Written by The Business Journal Staff
The 16th largest school district in the state, Johnston said Clovis Unified has a budget that fluctuates between $560 million and $720 million, depending on construction projects.
District officials said the accomplishment is rare, as most districts have a handful of minor findings in regard to associated student body (ASB) funds and average daily attendance (ADA).
“Depending on the size of the school district you look at, they can have anywhere from one to seven to 15 findings,” said Michael Johnston, associate superintendent of administrative services for CUSD. “I think it is pretty uncommon that a school district is actually able to have a clean audit.”
“When you look at our adopted budget, it’s around $520 million when you don’t include the construction projects, and that increases as we roll over projects we didn’t complete, so we’re pushing $600-$700 million in any given year how much our total expenditures are,” Johnston said.
With a sizeable budget and funds constantly coming in and going out of the district, earning a clean audit is rare since, while some audit findings can be large-scale, a finding can be as simple as an administrative assistant forgetting to bring ASB funds to the bank within 48 hours.
“If you have money from fundraising and you get it on Monday and it isn’t deposited until Thursday, that right there is a finding; It can be as simple as that,” Communication Director Kelly Avants said.
Prior to the district’s current findings-free streak, Johnston said ASB-related findings were the most common during a CUSD audit.
“When I got here in 2002, the audit findings we had were in regards to student body funds — cash not deposited or maybe cash was sitting around and wasn’t deposited timely,” Johnston said. “We looked at our standard operating procedures and started to address the different types of findings we had within ASB. ASB findings are ones I always think are hard to avoid in an audit report because there are a lot of transactions happening, and it’s not volumes and volumes of money where you can dedicate time and resources to manage.”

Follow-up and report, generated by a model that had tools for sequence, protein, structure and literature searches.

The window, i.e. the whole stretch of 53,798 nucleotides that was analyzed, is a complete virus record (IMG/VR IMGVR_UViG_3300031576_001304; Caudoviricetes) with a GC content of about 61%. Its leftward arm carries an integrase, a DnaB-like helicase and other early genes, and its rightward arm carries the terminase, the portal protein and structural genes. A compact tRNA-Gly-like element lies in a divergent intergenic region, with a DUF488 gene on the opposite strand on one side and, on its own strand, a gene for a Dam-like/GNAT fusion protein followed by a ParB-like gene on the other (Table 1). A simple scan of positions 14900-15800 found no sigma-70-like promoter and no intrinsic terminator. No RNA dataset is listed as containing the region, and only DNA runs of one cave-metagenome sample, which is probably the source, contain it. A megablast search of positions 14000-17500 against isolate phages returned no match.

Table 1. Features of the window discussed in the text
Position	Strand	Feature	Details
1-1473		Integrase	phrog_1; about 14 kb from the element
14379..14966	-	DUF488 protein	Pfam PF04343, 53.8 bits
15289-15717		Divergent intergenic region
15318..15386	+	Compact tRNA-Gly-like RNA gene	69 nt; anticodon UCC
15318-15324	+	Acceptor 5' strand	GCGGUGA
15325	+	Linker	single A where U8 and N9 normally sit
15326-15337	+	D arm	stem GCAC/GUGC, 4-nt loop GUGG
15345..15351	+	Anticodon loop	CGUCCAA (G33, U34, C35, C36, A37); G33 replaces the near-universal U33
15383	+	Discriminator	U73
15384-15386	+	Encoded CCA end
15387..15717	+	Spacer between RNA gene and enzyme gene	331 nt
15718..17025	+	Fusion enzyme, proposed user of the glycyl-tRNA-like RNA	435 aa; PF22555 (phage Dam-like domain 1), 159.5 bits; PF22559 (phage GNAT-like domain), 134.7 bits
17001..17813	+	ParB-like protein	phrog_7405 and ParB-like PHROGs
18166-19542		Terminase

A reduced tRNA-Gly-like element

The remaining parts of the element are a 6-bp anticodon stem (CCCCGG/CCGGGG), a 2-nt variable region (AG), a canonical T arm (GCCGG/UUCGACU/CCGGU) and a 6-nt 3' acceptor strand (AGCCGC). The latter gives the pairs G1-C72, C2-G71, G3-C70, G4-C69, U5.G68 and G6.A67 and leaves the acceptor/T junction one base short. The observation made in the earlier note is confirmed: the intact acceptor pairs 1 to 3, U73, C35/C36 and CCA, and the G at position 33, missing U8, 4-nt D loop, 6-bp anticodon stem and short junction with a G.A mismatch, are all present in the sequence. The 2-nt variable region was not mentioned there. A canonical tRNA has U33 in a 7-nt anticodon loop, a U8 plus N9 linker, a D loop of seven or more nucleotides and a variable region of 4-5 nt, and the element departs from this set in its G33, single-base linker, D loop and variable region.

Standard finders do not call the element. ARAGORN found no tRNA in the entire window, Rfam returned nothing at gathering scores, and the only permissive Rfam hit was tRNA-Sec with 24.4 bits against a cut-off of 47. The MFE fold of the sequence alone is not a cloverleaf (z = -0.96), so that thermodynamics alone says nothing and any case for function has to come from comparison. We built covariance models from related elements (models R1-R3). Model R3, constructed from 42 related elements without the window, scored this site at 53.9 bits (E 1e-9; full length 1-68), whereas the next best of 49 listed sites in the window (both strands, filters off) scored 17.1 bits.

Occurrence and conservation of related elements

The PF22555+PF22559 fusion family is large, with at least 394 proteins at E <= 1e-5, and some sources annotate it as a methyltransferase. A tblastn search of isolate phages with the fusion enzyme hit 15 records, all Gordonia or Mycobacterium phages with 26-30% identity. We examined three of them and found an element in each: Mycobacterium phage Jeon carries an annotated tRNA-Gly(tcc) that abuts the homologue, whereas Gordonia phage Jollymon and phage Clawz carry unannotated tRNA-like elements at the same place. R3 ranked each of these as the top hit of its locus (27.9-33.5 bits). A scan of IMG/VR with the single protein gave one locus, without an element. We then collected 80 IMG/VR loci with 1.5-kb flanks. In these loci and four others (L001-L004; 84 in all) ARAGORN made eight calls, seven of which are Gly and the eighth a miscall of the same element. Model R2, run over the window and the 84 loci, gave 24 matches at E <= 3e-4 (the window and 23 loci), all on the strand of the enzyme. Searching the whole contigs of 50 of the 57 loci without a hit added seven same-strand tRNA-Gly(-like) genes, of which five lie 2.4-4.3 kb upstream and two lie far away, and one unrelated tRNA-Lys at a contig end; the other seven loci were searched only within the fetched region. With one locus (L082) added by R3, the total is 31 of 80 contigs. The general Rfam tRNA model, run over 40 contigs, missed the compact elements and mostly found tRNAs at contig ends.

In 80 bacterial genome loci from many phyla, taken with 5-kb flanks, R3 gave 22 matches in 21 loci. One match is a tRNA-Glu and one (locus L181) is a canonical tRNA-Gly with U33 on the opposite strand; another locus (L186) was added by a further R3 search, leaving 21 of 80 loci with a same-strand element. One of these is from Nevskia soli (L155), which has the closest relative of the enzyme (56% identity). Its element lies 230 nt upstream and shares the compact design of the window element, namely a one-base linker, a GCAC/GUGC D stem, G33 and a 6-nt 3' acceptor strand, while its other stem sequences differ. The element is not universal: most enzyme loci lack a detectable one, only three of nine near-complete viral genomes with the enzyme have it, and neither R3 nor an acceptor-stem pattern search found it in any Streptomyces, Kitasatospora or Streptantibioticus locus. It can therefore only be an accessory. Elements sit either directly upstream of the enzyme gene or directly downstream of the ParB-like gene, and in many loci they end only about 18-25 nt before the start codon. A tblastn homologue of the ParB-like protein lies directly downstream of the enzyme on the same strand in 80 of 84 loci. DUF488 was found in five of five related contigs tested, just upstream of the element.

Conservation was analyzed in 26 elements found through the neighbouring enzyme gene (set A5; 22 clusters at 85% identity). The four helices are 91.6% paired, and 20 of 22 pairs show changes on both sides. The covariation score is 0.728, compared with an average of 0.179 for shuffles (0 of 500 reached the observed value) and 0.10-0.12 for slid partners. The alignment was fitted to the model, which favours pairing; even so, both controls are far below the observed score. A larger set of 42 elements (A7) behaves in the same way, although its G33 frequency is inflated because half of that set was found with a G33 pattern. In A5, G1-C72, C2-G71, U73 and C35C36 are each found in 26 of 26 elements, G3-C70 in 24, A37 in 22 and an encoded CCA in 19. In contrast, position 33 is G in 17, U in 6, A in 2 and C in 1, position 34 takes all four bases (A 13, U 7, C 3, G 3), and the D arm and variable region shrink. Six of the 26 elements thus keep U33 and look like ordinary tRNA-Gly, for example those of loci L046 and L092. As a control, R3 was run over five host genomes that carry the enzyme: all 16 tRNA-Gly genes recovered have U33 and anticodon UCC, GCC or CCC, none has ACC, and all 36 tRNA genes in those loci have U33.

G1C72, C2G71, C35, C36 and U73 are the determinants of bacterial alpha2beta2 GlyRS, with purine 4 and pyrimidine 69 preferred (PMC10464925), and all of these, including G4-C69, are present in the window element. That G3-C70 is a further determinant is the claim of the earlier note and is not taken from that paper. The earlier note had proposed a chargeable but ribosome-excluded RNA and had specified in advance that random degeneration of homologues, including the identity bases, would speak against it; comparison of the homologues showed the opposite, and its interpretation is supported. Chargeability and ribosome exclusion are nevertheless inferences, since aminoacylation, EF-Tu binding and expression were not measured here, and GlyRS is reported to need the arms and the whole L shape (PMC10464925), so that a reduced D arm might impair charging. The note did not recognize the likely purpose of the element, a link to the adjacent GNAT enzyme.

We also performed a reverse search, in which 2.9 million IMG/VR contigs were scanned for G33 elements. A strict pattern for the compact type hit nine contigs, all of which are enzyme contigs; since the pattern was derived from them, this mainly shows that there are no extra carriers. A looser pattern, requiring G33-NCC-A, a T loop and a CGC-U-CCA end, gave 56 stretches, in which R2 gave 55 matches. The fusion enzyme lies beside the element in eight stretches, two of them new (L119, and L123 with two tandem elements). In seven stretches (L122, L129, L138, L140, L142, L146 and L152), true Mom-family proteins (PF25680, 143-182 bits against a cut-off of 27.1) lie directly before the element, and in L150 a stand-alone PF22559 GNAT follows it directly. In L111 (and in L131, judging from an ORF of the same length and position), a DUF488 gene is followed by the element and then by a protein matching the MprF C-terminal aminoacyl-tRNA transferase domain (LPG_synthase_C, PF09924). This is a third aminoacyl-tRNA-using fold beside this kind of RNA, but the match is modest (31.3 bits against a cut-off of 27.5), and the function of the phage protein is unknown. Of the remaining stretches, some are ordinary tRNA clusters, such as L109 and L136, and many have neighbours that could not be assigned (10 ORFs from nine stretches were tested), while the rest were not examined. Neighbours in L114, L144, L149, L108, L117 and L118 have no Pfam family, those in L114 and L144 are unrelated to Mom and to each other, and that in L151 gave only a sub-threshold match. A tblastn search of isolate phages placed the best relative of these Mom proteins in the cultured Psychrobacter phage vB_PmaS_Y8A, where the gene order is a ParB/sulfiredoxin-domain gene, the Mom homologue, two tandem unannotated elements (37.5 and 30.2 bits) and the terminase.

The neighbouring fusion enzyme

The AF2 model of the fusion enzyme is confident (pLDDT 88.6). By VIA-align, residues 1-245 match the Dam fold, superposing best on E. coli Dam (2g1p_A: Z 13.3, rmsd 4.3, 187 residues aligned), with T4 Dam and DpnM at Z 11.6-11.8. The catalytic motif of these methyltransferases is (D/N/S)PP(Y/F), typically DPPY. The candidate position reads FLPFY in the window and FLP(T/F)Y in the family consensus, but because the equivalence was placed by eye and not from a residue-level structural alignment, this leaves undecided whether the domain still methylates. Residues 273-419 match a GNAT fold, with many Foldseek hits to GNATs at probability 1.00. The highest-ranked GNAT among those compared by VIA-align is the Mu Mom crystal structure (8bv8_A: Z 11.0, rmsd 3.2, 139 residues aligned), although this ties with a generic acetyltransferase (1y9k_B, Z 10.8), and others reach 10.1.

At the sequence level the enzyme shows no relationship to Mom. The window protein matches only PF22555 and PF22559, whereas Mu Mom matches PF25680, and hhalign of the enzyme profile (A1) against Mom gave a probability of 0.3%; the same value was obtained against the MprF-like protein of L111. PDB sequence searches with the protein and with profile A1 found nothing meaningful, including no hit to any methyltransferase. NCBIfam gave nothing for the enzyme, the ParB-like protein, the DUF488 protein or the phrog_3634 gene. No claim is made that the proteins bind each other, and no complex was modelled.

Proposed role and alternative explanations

To address frequent ASB findings, CUSD’s budget and finance department now has an employee who oversees ASB specifically and performs internal auditing. While the internal control has clearly made a difference, officials said it’s a team effort.
“We have almost 6,000 employees in this district and when you look at it, out finances touch the hands of many, whether it is the food service person at Clovis North taking lunch money or the teacher taking the fundraising check or the office manager running their budget or the curriculum and instruction team managing a grant,” Avants said.
“There are so many single points of potential failure, honestly, and the work and effort this team has made over the past five or 10 years has been great. It really does require that ownership down to the classroom teacher and school site and clerical employee.”
Susan Rutledge, the director of budget and finance, said having so many long-standing employees across the board who know the process makes internal auditing easier to manage.
“The longevity of our employees really helps with our process and internal controls,” Rutledge said. “The budget, finance, payroll and accounting departments have a staff of 25 people, but they don’t all do auditing and analyzing.
We probably have a team of 10 who are constantly looking at budgets and making sure all spending is in line, so we rely on all our employees to do their part.”
Michael Clear, assistant superintendent of business services, said communication from the top down has been key.
“Clovis Unified, I think, is unique in several ways,” Clear said. “We hire people who really know their stuff and can do the job. It’s that and communication, which is certainly key. There is a lot of communication, and its not just this department or that department — it is different departments coming together and, depending on the topic, every department may be involved in one meeting. So there is communication constantly to make sure we are being as efficient as we can be as we continue to grow.”
In addition to the recent series of clean audits, Clovis Unified has been recognized 18 years running with the Association of School Business Officials (ASBO) International’s Meritorious Budget Award.